I’ve been observing and studying Facebook marketing for business since 2009. During that time I’ve discovered a HUGE mistake that many businesses often make. I believe the number one reason Facebook marketing fails is because the person managing the fan page actually trains Facebook to stop sharing their posts with their fans. This is an extremely common problem. The rest of this post explains how Facebook managers make this mistake and how you can avoid making the same blunder.
This is one of the BIGGEST problems I see! The Facebook page owner gets people to like the fan page, and then he or she posts content to that page, but nobody ever clicks “like” or comments on the post. This commonly happens with pages that have hundreds or even thousands of fans. Why aren’t people engaging with the fan page? Chances are, it’s because the fans almost never see the posts that are going up. Now you say “Josh, why don’t people see the posts? Didn’t you just say the fan page has a bunch of fans?” Good question. Keep reading!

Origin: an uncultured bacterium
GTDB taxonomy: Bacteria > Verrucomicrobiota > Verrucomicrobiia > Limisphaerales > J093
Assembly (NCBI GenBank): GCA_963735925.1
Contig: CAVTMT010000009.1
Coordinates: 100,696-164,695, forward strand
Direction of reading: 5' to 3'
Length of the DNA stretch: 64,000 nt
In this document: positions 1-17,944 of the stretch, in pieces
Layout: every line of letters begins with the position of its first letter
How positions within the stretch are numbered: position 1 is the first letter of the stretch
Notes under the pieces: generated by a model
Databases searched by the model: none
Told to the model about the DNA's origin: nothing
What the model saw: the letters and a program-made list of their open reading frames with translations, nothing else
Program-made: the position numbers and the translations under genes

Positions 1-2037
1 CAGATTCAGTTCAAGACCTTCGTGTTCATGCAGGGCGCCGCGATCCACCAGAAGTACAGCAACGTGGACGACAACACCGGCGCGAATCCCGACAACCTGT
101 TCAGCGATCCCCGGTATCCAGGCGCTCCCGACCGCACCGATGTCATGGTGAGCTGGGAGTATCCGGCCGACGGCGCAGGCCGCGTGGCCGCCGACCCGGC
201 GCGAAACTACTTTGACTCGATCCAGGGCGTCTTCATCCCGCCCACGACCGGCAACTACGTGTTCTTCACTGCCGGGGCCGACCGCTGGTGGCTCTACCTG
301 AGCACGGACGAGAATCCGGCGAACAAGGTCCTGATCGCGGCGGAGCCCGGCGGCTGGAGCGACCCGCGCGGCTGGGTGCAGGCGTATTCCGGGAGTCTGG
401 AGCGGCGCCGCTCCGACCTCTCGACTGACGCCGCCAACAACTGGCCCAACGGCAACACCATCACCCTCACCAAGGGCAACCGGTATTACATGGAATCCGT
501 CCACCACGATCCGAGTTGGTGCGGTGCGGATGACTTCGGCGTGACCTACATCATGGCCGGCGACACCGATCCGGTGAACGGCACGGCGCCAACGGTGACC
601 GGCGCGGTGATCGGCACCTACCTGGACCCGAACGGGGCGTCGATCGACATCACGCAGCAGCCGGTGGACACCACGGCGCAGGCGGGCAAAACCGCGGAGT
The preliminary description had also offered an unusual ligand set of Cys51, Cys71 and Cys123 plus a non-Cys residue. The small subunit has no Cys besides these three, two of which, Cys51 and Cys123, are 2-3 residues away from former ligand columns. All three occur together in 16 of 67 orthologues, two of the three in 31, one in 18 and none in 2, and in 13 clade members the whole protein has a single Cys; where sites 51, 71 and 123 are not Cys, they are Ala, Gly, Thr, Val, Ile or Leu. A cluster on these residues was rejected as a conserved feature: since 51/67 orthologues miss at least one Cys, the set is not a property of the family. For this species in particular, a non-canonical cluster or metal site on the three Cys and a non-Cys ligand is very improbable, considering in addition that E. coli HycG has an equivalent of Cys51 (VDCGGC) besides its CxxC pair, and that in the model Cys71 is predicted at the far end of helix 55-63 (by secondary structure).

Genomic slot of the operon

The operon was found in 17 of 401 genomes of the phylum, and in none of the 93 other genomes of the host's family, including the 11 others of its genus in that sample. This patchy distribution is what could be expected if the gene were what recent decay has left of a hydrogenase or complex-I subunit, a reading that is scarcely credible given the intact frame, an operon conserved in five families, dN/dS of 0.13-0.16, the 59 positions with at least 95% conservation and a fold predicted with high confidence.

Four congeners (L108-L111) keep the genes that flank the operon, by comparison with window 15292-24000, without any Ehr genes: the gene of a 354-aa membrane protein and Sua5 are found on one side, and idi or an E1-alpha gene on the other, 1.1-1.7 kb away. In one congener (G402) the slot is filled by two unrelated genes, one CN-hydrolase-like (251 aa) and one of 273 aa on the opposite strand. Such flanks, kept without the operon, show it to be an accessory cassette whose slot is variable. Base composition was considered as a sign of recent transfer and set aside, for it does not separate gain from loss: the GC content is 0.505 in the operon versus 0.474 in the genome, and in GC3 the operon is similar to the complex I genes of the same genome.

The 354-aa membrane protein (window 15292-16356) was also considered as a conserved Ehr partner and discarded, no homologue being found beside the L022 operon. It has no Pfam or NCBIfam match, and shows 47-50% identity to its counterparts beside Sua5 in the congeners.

The Estimated Calculation
Lets do a quick calculation. According to Big Think, the average person has 338 friends on Facebook. Let’s say each of those friends only posts one time per day and it takes a 30 seconds on average to read that post [Could take longer for videos or shorter for text. Let’s just say it’s 30 seconds on average.]. That would mean the average person has to spend just under three hours a day to read all the posts, from all their friends. Okay, so that’s a rough calculation, but the point is clear; Facebook has to prioritize what people see on their news feeds. It won’t show every post from every person. That’s just not practical or realistic.
Does Facebook Prioritize Who Sees What?